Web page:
There are two main reasons that dictate the reassessment of this stiff approach in context of modern business environments. The first reason is that the service-oriented nature of today’s business combined with the increasing volume of available data make it impossible for an organization to proactively design efficient data management processes that are specific to its internal operational scope. The second reason is that enterprises can benefit significantly from analysing the behaviour of their business processes fostering their optimization.
The aim of this work has been the definition of models, techniques and tools to support the alignment of user requirements with the runtime characteristics of business processes for data management. Hence, we took a first step towards quality-aware ETL process design automation by defining through a systematic literature review a set of ETL process quality characteristics and the relationships between them, as well as by providing quantitative measures for each characteristic. Subsequently, we produced a model that represents ETL process quality characteristics and the dependencies among them and we showcased through the application of a Goal Model with quantitative components (i.e., indicators) how our model can provide the basis for subsequent analysis to reason and make informed ETL design decisions.
In addition, we introduced our holistic view for a quality-aware design of ETL processes by presenting a framework for user-centered declarative ETL. This included the definition of an architecture and methodology for the rapid, incremental, qualitative improvement of ETL process models, promoting automation and reducing complexity, as well as a clear separation of business users (BU) and IT roles where each user is presented with appropriate views and assigned with fitting tasks.
In this direction, we presented a prototype of our tool POIESIS, which can improve the quality of an ETL Process by automatically generating optimization patterns integrated in the ETL flow, resulting to thousands of alternative ETL flows. We applied an iterative model where users are the key participants through well-defined collaborative interfaces and based on estimated measures for different quality characteristics we showcased how our tool facilitates incremental, quantitative improvement of ETL process models.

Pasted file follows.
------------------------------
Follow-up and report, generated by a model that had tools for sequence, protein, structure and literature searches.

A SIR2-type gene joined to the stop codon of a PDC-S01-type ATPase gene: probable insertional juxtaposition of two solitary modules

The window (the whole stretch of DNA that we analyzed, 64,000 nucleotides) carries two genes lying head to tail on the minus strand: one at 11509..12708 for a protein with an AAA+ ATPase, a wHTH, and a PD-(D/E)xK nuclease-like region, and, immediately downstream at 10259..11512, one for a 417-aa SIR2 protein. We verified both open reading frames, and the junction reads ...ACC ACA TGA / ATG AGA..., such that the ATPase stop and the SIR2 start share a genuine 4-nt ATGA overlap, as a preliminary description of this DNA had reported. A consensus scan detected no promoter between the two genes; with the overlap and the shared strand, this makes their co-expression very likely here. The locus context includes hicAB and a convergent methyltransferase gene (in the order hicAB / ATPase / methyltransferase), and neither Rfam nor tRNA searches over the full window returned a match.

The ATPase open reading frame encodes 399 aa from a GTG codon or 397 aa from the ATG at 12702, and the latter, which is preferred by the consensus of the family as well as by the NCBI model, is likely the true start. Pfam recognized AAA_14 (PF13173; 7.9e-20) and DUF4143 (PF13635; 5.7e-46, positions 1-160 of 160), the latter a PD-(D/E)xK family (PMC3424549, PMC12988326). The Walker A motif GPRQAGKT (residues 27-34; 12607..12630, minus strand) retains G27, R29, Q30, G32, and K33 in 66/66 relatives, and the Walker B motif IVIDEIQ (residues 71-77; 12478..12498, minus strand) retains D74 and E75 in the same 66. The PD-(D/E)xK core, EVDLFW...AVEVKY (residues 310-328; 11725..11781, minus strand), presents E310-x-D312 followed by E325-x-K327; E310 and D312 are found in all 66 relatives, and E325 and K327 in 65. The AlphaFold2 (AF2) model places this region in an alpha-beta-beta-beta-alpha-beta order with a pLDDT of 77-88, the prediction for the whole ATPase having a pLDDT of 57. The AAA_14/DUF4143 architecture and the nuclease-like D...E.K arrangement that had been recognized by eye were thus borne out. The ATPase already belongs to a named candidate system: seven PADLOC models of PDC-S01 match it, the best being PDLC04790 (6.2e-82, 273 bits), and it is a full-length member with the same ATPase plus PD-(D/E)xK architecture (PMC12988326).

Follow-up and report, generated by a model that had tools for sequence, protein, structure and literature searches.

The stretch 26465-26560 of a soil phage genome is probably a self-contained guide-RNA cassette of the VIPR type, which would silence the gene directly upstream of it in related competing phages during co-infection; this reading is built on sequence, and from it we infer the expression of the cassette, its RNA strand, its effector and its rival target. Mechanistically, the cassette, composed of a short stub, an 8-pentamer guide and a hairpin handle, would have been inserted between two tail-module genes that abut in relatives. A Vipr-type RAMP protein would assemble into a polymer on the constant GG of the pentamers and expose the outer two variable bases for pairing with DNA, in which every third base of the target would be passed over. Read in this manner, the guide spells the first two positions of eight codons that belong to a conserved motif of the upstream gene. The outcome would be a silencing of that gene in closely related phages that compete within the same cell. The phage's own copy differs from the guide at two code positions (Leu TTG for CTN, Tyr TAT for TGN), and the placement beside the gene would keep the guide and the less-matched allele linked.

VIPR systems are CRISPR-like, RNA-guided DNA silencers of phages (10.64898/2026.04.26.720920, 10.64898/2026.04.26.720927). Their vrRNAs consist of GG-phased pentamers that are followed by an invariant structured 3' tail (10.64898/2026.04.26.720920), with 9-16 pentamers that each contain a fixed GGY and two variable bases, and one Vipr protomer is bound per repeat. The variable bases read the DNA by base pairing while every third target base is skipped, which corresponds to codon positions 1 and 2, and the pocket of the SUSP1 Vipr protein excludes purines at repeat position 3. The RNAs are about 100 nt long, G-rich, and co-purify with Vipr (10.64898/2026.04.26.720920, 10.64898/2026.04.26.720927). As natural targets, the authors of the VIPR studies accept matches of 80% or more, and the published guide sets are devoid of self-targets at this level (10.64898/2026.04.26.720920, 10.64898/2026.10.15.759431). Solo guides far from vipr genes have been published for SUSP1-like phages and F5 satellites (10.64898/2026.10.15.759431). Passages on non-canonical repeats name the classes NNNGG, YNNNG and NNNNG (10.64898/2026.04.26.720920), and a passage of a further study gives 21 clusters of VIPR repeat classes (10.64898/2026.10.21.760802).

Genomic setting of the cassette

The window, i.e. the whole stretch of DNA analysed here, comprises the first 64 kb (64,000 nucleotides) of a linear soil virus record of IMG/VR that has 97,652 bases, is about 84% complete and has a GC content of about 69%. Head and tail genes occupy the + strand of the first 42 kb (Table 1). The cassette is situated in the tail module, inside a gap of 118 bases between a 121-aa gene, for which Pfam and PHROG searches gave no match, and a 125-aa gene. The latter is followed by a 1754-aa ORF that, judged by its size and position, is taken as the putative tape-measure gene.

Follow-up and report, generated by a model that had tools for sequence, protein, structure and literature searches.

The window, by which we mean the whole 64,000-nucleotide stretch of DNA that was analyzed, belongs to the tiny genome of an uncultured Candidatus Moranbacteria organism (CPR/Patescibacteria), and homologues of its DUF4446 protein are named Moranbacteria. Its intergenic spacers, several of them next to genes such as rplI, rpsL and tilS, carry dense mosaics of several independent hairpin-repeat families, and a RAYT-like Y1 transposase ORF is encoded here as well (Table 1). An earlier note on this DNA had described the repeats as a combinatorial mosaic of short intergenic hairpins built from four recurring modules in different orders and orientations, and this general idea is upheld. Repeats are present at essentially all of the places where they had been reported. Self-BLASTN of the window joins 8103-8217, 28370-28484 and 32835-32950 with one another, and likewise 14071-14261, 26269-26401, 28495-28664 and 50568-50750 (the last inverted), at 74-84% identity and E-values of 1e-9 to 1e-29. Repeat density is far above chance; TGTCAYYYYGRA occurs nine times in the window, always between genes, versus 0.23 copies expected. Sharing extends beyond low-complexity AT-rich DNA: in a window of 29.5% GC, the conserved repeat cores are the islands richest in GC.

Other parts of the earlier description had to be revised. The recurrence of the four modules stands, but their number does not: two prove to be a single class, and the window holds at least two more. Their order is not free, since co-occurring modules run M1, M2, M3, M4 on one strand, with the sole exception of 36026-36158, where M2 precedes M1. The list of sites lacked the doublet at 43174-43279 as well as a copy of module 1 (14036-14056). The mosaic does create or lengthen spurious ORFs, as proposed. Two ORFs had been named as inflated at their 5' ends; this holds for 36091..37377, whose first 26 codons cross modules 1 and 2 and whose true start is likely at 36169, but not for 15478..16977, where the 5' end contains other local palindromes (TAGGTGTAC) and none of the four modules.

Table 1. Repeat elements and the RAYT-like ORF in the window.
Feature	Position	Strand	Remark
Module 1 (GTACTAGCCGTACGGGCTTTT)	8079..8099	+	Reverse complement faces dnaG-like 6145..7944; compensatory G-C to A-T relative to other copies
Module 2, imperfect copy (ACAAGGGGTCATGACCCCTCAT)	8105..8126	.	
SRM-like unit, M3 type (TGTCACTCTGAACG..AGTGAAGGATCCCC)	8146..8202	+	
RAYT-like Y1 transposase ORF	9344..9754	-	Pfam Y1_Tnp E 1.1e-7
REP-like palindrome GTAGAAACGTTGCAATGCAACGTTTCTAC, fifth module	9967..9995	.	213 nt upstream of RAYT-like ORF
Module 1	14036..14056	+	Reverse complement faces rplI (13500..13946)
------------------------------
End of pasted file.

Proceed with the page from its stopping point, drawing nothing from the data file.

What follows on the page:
When it comes to evaluating different quality characteristics of the ETL process design, we proposed an automated data generation framework for evaluating ETL processes (i.e., Bijoux). To this end, we classified the operations based on the part of input data they access for processing, which facilitated Bijoux during data generation processes both for identifying the constraints that specific operation semantics imply over input data, as well as for deciding at which level the data should be generated (e.g., single field, single tuple, complete dataset). Bijoux offers data generation capabilities in a modular and configurable manner, which can be used to evaluate the quality of different parts of an ETL process.
Collectively, these contributions have raised the level of abstraction of ETL process components, revealing their quality characteristics in a granular level and allowing for evaluation and automated (re-)design, taking under consideration BU quality goals.
2015 Vasileios Theodorou, Alberto Abelló, Maik Thiele, Wolfgang Lehner: POIESIS: a Tool for Quality-aware ETL Process Redesign. EDBT 2015 2011 Oscar Romero, Alkis Simitsis, Alberto Abelló: GEM: Requirement-Driven Generation of ETL and Multidimensional Conceptual Designs. DaWaK 2011